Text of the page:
ABOVE IT ALL
Another great way to beat the traffic below, and even clear it, is by developing ropeways. CIDCO is considering two proposals – a 5-km route between Vashi station and Koparkhairane and a 9.7-km one from Ghatkopar to Vashi across the Thane creek; MMRDA is mulling an 8-km ropeway across Sanjay Gandhi National Park to connect Borivli and Thane, mainly keeping tourism in mind.
“We are still working out the economics,” Madan said. “Ropeways are basically good for areas that are otherwise slightly inaccessible. They can probably carry about 16 people at once, and uninterrupted services can make them a viable public transit option.”
Cities around the world, such as London, Rio, Medellin and Caracas, have attempted to use them to complement their rail networks.
Their benefits are many, but a ropeway network doesn’t come cheap. They will only prove financially viable if there is a continuous flow of passengers, and this will happen only if they are aligned well.
“Until now, state authorities have looked at the ropeway as a tourist attraction, while other countries have used it for transportation with people in mind, and not systems,” said urban planner Sulakshana Mahajan. “Brazil for instance has implemented a ropeway to connect hilltop slums so slum-dwellers can participate in the city’s economy.”
TAKING CARS OFF THE ROADS
Walking, cycling and carpooling, three very basic, easy-to-implement, cost-effective modes of transport find no mention in the Fadnavis government’s — or even in the previous government’s —plans for transforming Mumbai.
Fifty-one percent of all trips in Mumbai are by foot, but there are large patches of roads where footpaths are eaten up by cars. Where there are footpaths, pedestrians have to negotiate jaywalkers, hawkers and broken tiles. Thirty-one-year-old Kashmira Rane, a financial analyst, travels from Malad to Goregaon by train and then takes an autorickshaw from the station even though it is just a 20-minute walk. “I feel messy and irritated by the time I reach office if I walk through the maze of unkempt footpaths and hawkers. If we had pedestrian infrastructure like European cities, I would consider walking.”
The city’s draft development plan for the next two decades has just a few pages on how facilities for pedestrians can be improved.
Similarly, after very expensive attempt at a cycling track in Bandra Kurla Complex failed, the state government has stopped promoting cycling in the city. “The government first needs to inculcate a culture of cycling among Mumbaiites. People look at cycling as a transportation mode for milk-sellers or vendors. They must start looking at it as a sensible travel option for students and office-goers. And, the roads have to be designed for it,” said Shenoy.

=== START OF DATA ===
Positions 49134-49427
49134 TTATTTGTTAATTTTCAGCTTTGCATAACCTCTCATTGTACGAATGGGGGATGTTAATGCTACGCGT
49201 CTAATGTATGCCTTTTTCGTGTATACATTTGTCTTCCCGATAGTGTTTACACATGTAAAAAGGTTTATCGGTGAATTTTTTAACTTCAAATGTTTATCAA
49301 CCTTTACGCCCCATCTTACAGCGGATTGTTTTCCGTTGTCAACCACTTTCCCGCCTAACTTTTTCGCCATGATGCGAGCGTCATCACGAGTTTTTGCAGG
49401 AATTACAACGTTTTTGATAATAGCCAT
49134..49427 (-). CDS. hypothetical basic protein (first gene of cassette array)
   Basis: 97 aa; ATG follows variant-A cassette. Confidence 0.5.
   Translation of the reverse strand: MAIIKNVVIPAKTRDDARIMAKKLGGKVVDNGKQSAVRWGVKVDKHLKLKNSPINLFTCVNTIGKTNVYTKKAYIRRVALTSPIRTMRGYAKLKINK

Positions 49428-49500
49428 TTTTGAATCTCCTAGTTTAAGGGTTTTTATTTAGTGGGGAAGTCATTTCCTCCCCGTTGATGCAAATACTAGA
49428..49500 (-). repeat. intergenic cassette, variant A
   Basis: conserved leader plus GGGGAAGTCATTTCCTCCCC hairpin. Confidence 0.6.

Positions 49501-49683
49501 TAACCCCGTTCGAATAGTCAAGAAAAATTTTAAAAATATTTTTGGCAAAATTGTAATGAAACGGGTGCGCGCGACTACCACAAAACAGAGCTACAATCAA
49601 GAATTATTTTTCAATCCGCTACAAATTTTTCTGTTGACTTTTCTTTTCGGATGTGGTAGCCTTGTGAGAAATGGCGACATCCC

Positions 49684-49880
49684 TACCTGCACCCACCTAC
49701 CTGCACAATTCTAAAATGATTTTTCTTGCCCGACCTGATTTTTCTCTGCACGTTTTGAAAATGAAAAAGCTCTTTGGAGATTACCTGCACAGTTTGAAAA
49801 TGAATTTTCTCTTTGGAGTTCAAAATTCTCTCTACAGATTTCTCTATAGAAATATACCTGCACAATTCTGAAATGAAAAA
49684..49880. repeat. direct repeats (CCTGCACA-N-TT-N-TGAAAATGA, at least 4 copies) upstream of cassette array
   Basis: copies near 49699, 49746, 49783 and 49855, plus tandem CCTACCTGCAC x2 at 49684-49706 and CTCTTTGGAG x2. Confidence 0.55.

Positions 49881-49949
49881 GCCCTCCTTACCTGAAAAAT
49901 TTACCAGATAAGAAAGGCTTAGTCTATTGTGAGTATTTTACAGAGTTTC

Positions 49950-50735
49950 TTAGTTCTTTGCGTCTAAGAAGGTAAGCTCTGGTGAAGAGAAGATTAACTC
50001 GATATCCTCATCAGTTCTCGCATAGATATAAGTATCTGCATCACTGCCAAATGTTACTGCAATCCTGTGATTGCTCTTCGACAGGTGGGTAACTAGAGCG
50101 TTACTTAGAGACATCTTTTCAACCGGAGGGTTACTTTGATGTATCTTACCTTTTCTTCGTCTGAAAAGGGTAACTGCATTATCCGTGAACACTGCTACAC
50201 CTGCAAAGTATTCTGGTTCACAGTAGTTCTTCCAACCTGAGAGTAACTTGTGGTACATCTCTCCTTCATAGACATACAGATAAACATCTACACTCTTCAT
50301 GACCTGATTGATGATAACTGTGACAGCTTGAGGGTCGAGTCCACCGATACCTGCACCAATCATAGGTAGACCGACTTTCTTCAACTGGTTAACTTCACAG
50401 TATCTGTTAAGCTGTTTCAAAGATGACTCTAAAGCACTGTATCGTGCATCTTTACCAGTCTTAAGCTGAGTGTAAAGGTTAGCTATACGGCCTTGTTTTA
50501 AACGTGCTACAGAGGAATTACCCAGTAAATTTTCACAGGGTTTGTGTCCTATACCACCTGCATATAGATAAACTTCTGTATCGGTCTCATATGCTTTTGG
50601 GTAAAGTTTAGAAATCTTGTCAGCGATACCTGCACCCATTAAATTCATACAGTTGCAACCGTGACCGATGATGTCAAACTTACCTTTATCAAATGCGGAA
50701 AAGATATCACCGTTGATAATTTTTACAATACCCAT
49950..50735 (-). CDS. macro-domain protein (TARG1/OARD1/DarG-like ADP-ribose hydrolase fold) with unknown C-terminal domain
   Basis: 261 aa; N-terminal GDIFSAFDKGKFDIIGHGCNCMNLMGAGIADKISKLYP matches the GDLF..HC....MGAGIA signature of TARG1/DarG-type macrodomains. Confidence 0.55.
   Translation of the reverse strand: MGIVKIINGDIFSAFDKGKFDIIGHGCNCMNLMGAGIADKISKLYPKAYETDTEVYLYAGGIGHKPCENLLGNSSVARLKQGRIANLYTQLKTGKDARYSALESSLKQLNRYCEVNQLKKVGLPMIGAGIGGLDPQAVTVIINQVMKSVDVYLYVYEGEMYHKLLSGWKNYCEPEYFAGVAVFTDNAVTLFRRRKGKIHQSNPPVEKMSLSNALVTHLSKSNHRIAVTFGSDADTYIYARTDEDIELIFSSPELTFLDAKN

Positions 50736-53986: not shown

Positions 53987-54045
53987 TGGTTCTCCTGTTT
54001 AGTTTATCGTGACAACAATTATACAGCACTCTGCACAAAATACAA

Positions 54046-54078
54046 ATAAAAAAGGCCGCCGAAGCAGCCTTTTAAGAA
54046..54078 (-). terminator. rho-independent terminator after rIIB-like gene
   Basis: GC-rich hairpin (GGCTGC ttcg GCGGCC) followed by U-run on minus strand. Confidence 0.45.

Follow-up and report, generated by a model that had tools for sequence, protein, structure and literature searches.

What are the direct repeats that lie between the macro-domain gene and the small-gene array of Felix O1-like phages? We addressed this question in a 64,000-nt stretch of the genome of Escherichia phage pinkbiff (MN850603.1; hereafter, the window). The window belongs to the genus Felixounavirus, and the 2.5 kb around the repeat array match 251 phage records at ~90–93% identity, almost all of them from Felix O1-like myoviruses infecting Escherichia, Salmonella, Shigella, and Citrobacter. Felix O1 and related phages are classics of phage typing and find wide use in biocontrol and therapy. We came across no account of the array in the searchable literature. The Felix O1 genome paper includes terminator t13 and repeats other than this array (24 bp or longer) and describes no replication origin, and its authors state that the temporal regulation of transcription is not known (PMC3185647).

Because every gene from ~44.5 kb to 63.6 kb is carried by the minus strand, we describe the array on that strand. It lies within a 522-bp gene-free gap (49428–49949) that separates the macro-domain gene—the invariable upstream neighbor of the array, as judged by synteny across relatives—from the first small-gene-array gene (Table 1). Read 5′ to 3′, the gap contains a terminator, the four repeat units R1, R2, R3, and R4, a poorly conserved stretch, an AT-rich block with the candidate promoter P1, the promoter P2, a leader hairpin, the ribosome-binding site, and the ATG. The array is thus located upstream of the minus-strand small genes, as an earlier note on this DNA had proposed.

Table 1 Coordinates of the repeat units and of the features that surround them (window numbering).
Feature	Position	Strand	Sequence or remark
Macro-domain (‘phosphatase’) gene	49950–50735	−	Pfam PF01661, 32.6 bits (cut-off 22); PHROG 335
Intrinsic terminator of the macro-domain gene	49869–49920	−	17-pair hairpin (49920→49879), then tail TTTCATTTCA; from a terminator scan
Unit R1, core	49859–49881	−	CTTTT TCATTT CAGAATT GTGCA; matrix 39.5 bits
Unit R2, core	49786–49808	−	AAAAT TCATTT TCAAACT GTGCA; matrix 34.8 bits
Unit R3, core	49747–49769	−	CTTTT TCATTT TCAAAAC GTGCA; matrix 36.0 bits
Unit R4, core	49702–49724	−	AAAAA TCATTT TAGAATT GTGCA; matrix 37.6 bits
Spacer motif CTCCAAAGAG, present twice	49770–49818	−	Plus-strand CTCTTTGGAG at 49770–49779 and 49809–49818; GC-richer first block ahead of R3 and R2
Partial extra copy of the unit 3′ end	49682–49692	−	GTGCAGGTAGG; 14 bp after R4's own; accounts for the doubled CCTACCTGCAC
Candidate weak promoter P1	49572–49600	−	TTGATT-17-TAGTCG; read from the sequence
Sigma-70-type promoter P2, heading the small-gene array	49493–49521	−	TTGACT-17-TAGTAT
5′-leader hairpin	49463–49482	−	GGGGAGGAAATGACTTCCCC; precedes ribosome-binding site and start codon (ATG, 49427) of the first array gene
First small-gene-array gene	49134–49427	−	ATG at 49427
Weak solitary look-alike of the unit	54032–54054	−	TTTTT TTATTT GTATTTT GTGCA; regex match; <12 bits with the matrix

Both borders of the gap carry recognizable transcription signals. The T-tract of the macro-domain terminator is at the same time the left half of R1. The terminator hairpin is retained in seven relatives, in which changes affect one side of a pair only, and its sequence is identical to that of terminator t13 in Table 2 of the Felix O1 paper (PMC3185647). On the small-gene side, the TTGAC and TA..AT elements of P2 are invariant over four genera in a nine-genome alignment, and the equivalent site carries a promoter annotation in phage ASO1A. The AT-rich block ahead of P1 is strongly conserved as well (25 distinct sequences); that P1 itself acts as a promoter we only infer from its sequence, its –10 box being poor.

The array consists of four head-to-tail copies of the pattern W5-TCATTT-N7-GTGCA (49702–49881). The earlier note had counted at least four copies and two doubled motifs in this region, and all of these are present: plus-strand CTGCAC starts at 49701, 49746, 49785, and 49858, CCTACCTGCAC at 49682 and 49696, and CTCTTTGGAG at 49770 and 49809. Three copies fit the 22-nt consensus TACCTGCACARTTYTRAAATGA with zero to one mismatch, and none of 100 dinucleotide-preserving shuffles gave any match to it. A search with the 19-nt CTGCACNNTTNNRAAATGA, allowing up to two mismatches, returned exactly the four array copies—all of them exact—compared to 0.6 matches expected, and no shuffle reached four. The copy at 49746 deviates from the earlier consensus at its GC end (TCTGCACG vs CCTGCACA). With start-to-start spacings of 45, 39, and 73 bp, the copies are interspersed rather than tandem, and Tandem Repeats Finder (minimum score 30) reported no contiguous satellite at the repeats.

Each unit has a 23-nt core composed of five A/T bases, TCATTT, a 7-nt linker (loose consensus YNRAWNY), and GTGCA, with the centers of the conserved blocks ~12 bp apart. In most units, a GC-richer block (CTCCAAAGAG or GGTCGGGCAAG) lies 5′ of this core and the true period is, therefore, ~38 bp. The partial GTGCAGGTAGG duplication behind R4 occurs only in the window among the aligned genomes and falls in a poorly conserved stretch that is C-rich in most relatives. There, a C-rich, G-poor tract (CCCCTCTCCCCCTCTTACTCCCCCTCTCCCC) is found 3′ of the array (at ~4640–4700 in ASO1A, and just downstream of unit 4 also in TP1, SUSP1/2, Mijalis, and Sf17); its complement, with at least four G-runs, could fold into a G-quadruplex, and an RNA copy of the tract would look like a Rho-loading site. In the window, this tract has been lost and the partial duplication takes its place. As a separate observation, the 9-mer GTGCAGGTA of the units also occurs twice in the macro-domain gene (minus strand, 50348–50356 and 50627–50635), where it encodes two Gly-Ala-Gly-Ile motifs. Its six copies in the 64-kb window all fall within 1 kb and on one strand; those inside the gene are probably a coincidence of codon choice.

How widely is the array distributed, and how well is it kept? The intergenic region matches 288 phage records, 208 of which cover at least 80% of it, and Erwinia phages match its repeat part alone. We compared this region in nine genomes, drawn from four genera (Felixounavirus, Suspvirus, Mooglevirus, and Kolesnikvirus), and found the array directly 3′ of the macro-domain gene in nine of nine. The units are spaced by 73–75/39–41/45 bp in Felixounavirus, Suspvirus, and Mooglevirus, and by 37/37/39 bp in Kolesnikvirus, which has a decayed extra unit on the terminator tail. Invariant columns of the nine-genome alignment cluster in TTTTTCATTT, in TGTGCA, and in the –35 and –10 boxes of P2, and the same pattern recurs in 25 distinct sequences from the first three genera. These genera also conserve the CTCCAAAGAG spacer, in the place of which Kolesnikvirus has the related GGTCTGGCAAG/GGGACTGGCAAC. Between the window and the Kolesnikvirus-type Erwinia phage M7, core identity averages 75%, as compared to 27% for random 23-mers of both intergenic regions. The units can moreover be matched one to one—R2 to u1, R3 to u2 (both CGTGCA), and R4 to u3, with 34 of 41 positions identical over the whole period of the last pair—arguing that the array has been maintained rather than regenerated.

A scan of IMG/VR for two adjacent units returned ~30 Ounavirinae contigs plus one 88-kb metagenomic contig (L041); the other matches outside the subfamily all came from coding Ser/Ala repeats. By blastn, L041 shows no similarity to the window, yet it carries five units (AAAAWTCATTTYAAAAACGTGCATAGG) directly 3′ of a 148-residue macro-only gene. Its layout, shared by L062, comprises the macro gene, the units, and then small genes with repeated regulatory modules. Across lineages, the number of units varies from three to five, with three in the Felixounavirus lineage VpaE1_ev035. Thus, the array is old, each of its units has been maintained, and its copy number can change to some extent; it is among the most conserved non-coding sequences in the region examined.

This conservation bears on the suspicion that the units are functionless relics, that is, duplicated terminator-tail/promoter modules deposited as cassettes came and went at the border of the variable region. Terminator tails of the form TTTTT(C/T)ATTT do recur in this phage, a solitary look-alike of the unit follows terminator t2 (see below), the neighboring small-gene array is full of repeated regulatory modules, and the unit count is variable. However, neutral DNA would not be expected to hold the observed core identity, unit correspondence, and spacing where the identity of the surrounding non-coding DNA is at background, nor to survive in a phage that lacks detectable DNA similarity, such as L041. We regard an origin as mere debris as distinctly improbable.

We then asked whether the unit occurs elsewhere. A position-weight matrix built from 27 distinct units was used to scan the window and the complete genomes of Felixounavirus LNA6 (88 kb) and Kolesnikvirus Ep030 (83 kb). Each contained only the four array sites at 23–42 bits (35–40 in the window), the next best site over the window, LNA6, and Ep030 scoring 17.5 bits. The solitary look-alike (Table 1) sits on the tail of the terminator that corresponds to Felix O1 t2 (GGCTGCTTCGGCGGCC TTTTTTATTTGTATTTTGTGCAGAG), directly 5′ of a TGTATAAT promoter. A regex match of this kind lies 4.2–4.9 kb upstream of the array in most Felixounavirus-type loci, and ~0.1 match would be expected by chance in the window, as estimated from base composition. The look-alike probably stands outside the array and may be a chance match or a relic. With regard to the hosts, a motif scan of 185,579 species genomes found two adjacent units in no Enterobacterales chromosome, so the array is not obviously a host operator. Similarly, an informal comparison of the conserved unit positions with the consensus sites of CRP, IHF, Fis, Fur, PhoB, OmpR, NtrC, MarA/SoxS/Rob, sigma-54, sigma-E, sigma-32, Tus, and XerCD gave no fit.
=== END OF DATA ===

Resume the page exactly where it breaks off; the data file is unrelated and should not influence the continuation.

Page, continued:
Increasing the number of share autorickshaws and taxis at prime locations could help reduce the load on roads. The government can also promoted car-pooling in a big way. Car-pooling services by app-based cab aggregators such as Uber and Ola are now gaining popularity.
WHERE WE HAVE FAILED
The 19.5-km Chembur-Wadala-Jacob Circle IS perhaps the biggest failure among any attempts to harness alternative, supplementary methods of transportation. Touted as the country’s first monorail, when the state took up its construction, it estimated a ridership of at least 1.5 lakh a day. Still incomplete after eight years of being under construction, it currently caters to just 15,000 people daily between Chembur and Wadala. The monorail’s narrow frame makes it a practical alternative for crowded Mumbai, but the first phase was built through areas where there is space available to operate buses that serve the same purpose, at a much lower cost. While it was also supposed to act as a feeder to the local train network, its alignment threw it off gear.
“Most experts and administrators knew the monorail is not going to work, but the decision was taken anyway. We just copy what we fancy without pausing to contextualise it,” Mahajan said.
Another major failure is the government’s much-criticised project of building 36 skywalks that were to improve connectivity around the city’s railway stations. Many of them were designed without escalators or elevators, and their maintenance is poor. It hardly makes for a pleasant walk.
With plenty of resources waiting to be used, the future of transport in Mumbai can be smart and efficient…if we get cracking now.